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John Wesley's Explanatory Notes
on the Whole Bible

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XX. 1. That some of those who were first called may yet be last, our Lord confirms by the following parable: of which the primary scope is, to show, That many of the Jews would be rejected, and many of the Gentiles accepted; the secondary, That of the Gentiles, many who were first converted would be last and lowest in the kingdom of glory; and many of those who were last converted would be first, and highest therein. The kingdom of heaven is like - That is, the manner of God's proceeding in his kingdom resembles that of a householder. In the morning - At six, called by the Romans and Jews, the first hour. From thence reckoning on to the evening, they called nine, the third hour; twelve, the sixth; three in the afternoon, the ninth; and five, the eleventh. To hire labourers into his vineyard - All who profess to be Christians are in this sense labourers, and are supposed during their life to be working in God's vineyard.

Verse 2. The Roman penny was about seven pence halfpenny. [About thirteen and three quarter cents, American.] This was then the usual price of a day's labour.

Verse 6. About the eleventh hour - That is, very late; long after the rest were called.

Verse 8. In the evening - Of life; or of the world.

Verse 9. Who were hired about the eleventh hour - Either the Gentiles, who were called long after the Jews into the vineyard of the Church of Christ; or those in every age who did not hear, or at least understand the Gospel call, till their day of life was drawing to a period. Some circumstances of the parable seem best to suit the former, some the latter of these senses.

Verse 10. The first supposed they should have received more - Probably the first here may mean the Jews, who supposed they should always be preferred before the Gentiles.

Verse 12. Thou hast made them equal to us - So St. Peter expressly, Acts 15:9. God-hath put no difference between us (Jews) and them, (Gentiles,) purifying their hearts by faith. And those who were equally holy here, whenever they were called, will be equally happy hereafter.

Verse 14. It is my will to give to this last called among the heathens even as to the first called among the Jews: yea, and to the late converted publicans and sinners, even as to those who, were called long before.

Verse 15. Is it not lawful for me to do what I will with my own? - Yea, doubtless, to give either to Jew or Gentile a reward infinitely greater than he deserves. But can it be inferred from hence, that it is lawful, or possible, for the merciful Father of spirits to "Consign an unborn soul to hell? Or damn him from his mother's womb?" Is thine eye evil because I am good - Art thou envious, because I am gracious? Here is an evident reference to that malignant aspect, which is generally the attendant of a selfish and envious temper.

Verse 16. So the last shall be first, and the first last - Not only with regard to the Jews and Gentiles, but in a thousand other instances. For many are called - All who hear the Gospel; but few chosen - Only those who obey it. Matthew 19:30; .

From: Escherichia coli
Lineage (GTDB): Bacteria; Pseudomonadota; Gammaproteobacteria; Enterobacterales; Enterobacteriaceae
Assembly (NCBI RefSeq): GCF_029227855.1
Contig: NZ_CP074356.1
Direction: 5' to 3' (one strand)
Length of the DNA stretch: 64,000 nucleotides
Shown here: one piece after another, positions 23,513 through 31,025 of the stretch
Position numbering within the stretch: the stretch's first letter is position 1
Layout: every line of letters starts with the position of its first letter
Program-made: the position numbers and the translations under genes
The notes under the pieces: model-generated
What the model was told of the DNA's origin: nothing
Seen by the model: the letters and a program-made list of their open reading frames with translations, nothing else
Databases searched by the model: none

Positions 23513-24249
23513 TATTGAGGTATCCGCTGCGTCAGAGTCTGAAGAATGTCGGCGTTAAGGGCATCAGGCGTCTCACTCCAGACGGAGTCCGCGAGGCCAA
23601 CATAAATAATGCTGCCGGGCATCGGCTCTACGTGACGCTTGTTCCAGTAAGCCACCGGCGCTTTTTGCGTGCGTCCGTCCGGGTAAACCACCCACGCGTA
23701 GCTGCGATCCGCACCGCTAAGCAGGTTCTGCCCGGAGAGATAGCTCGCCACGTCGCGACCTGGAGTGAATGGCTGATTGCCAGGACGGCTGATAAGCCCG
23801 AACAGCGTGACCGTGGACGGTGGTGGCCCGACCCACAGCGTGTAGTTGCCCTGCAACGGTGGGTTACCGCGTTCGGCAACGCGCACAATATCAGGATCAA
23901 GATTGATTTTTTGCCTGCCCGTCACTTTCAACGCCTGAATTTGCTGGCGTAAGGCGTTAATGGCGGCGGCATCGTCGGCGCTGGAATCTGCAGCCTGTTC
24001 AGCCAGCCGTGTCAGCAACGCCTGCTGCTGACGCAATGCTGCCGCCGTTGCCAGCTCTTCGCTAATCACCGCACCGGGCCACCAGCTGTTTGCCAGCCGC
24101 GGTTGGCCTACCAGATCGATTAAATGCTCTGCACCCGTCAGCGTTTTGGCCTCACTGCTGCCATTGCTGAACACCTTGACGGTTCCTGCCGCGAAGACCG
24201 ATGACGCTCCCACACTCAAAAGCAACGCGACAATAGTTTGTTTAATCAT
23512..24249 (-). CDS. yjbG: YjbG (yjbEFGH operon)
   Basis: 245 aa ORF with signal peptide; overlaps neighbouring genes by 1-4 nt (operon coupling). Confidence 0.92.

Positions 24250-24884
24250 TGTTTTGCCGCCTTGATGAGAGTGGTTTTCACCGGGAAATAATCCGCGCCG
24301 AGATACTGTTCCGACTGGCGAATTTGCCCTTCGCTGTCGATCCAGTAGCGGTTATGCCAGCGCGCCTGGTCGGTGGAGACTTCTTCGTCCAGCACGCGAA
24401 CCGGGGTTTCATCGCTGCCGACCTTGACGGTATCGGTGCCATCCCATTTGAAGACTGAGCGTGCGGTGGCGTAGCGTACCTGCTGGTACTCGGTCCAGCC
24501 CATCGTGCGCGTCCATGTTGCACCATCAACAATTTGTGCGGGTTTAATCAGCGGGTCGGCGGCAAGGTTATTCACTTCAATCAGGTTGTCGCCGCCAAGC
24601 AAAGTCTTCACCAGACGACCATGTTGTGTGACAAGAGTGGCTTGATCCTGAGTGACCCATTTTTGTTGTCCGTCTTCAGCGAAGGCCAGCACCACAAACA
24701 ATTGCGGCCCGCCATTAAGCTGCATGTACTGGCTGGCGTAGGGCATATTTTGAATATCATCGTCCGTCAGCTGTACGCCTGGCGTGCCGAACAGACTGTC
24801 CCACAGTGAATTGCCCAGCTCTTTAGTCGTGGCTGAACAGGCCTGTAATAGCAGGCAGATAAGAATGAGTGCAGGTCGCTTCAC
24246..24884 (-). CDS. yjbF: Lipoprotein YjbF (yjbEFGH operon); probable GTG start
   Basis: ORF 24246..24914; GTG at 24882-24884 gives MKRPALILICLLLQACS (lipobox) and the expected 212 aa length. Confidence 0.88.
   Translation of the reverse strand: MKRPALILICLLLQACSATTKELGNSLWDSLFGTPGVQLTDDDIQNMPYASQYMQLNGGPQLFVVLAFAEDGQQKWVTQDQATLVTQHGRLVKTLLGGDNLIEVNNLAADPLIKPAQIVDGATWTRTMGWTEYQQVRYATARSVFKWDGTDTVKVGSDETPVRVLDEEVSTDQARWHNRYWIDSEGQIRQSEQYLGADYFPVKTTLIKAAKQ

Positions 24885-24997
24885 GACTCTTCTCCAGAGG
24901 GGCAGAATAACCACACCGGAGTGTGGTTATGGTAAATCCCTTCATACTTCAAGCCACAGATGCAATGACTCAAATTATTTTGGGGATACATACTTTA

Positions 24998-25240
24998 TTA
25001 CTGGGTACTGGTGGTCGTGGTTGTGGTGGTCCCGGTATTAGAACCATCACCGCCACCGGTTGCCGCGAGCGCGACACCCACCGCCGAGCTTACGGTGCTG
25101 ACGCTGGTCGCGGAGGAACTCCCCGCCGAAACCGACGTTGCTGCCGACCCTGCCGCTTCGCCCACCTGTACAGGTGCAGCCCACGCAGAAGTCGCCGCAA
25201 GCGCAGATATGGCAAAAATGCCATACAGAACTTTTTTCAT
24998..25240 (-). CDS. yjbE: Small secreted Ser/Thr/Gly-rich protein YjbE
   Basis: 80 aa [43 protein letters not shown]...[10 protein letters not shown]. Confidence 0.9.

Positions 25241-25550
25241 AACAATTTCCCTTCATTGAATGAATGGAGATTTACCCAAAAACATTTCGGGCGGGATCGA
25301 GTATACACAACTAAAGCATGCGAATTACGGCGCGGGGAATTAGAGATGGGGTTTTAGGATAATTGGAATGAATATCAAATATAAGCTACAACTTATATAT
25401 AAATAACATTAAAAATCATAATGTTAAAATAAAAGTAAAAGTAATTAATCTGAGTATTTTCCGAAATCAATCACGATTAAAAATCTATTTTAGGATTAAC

Verse 17. Mark 10:32; Luke 18:31.

Verse 20. Then came to him the mother of Zebedee's children -Considering what he had been just speaking, was ever any thing more unreasonable? Perhaps Zebedee himself was dead, or was not a follower of Christ. Mark 10:35.

Verse 21. In thy kingdom - Still they expected a temporal kingdom.

Verse 22. Ye know not what is implied in being advanced in my kingdom, and necessarily prerequired thereto. All who share in my kingdom must first share in my sufferings. Are you able and willing to do this? Both these expressions, The cup, the baptism, are to be understood of his sufferings and death. The like expressions are common among the Jews.

Verse 23. But to sit on my right hand - Christ applies to the glories of heaven, what his disciples were so stupid as to understand of the glories of earth. But he does not deny that this is his to give. It is his to give in the strictest propriety, both as God, and as the Son of man. He only asserts, that he gives it to none but those for whom it is originally prepared; namely, those who endure to the end in the faith that worketh by love.

Verse 25. Ye know that the princes of the Gentiles lord it over them -And hence you imagine, the chief in my kingdom will do as they: but it will be quite otherwise.

Verse 26. Your minister - That is, your servant. Matthew 23:11.

Verse 29. Mark 10:46; Luke 18:35.

Verse 30. Behold two blind men cried out - St. Mark and St. Luke mention only one of them, blind Bartimeus. He was far the more eminent of the two, and, as it seems, spoke for both.

Verse 31. The multitude charged them to hold their peace - And so they will all who begin to cry after the Son of David. But let those who feel their need of him cry the more; otherwise they will come short of a cure.


Copyright Statement
These files are public domain and are a derivative of an electronic edition that is available on the Christian Classics Ethereal Library Website.

Bibliography Information
Wesley, John. "Commentary on Matthew 20". "John Wesley's Explanatory Notes
on the Whole Bible". <http://classic.studylight.org/com/wen/view.cgi?book=mt&chapter=020>. 1765.  

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